Where winter lows regularly plunge to -25°c or less, more dramatic actions are necessary. The most popular technique world-wide is to bury vines deep under the soil. While this method effectively protects vines against freezing temperatures it carries many risks. The process of laying down and uncovering the vines damages the vines and increases the potential for diseases entering cracks or trunk wounds. According to Helan Mountain Operations Manager, Mike Insley it is also “incredibly labour intensive and expensive”. Insley estimates that one third of the winery’s labour budget is spent covering and uncovering the vines.

Burying vines is an effective technique against freezing temperatures yet it carries many risks.

Photo credit: Helan Mountain Winery, Ningxia, China

The decision of when to unearth the vines is also fraught. Exposing the vine to the elements in early spring means earlier bud break and a longer growing season yet leaves the vine defenceless against spring frost. At Hinterland Winery in Prince Edward County, Ontario the team waits until late May, after the risk of frost has passed. This brings its own set of challenges. “We lose a month of the growing season”, says owner Vicki Samaras. “There is a risk of bud rot if the soils are moist”, she goes on to explain, “and, worst of all, you can hear the buds popping off as you pull the canes from the soil”.

From China to Russia and through out Canada, vine burial practioners are vocal in their frustration, yet committed to continue. “Why do we persist in the face of all of these disadvantages?” asks Insley, “Simple, we can’t grow vinifera varieties without winter protection”. Insley believes that the growing season conditions and subsequent high quality of wines produced in Ningxia is worth the effort.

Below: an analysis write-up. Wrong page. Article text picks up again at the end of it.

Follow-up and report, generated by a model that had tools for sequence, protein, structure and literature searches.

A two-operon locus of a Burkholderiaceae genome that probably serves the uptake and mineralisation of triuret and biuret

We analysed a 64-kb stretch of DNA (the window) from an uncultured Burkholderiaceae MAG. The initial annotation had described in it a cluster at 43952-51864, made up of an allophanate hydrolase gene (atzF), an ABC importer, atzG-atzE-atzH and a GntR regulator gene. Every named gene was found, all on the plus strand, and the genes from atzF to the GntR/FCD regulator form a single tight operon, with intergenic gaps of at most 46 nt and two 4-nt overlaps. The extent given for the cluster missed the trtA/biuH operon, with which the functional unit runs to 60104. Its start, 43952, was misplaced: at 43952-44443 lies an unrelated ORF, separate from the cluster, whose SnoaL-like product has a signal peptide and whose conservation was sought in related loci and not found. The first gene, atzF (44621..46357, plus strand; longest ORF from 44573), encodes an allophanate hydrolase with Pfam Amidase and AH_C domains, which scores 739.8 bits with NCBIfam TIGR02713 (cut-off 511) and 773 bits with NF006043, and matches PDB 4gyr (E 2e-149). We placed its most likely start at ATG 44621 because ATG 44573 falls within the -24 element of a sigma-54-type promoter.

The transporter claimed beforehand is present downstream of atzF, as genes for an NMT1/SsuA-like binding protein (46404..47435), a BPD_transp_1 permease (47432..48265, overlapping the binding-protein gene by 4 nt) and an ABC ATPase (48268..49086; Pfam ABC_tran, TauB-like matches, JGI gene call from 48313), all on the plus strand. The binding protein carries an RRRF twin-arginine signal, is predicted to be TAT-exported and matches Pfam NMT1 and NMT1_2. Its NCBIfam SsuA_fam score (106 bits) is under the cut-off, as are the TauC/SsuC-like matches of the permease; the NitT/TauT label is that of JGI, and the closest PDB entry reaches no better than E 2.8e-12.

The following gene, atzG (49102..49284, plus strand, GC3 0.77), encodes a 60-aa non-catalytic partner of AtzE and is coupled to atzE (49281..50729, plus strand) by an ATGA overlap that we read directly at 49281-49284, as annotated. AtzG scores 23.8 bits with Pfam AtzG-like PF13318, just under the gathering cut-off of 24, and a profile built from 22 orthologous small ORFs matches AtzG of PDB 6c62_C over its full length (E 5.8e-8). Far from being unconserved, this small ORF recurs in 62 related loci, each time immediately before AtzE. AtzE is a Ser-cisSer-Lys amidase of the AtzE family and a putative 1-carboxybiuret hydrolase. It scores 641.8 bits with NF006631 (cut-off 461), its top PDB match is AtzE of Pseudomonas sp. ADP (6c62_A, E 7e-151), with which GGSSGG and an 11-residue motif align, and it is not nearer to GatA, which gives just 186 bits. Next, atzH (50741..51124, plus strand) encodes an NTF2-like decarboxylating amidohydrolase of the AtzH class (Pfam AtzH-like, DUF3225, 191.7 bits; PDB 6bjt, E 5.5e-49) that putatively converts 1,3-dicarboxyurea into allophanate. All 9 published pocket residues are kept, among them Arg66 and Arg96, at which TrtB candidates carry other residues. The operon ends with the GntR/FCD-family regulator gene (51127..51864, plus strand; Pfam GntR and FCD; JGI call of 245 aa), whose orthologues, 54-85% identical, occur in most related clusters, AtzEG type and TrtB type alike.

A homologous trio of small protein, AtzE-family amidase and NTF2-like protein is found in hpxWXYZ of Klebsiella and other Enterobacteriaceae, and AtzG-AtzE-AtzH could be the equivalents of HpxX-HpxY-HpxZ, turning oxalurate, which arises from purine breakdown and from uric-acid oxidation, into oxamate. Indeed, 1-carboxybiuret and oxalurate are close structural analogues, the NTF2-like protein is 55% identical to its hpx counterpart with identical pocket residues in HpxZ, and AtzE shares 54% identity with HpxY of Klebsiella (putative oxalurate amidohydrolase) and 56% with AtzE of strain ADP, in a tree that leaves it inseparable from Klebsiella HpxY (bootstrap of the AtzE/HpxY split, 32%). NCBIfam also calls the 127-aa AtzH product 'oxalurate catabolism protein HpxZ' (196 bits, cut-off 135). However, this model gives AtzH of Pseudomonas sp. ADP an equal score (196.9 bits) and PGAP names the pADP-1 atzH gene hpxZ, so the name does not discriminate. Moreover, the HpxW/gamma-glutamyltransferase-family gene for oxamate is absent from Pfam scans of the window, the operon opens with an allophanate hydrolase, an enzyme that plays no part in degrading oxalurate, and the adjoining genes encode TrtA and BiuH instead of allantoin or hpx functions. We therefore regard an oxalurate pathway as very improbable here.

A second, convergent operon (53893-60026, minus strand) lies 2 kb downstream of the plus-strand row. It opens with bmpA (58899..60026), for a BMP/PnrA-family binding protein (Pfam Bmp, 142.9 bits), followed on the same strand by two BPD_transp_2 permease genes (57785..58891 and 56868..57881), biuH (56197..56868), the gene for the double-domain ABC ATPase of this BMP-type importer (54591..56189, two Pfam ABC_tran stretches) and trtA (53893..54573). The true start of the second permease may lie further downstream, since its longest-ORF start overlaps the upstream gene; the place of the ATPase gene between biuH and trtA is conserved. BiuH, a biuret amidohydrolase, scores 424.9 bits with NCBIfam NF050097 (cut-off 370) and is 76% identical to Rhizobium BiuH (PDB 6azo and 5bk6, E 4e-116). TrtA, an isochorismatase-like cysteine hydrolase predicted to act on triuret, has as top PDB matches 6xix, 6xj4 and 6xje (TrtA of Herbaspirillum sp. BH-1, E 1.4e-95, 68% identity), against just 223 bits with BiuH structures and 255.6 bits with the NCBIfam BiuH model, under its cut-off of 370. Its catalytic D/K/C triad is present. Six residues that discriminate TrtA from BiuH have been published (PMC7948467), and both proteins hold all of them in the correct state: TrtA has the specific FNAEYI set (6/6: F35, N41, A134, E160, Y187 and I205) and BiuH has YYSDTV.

In certain areas, alternate solutions are slowly gaining traction. Yvan Quirion, proprietor of Domaine St. Jacques, began experimenting with geotextiles on his estate in 2006. The results were so compelling that he now covers his entire 23-hectare property. Quirion trains his vines 30cm from the ground to capture ambient heat from the earth. He does an initial Cordon de Royat pruning, and then uses a tractor to drape geotextiles over the trellis in a tent-like fashion, securing the base of the fabric to the ground. Quirion says he can cover 20 kilometres in a day; winterizing the entire estate in less than a week. With careful maintenance, he has managed to re-use many of his geotextiles for going on 10 years.

Domaine St. Jacques began experimenting with geotextiles in 2006. The results were so compelling that they now covers their entire 23-hectare property.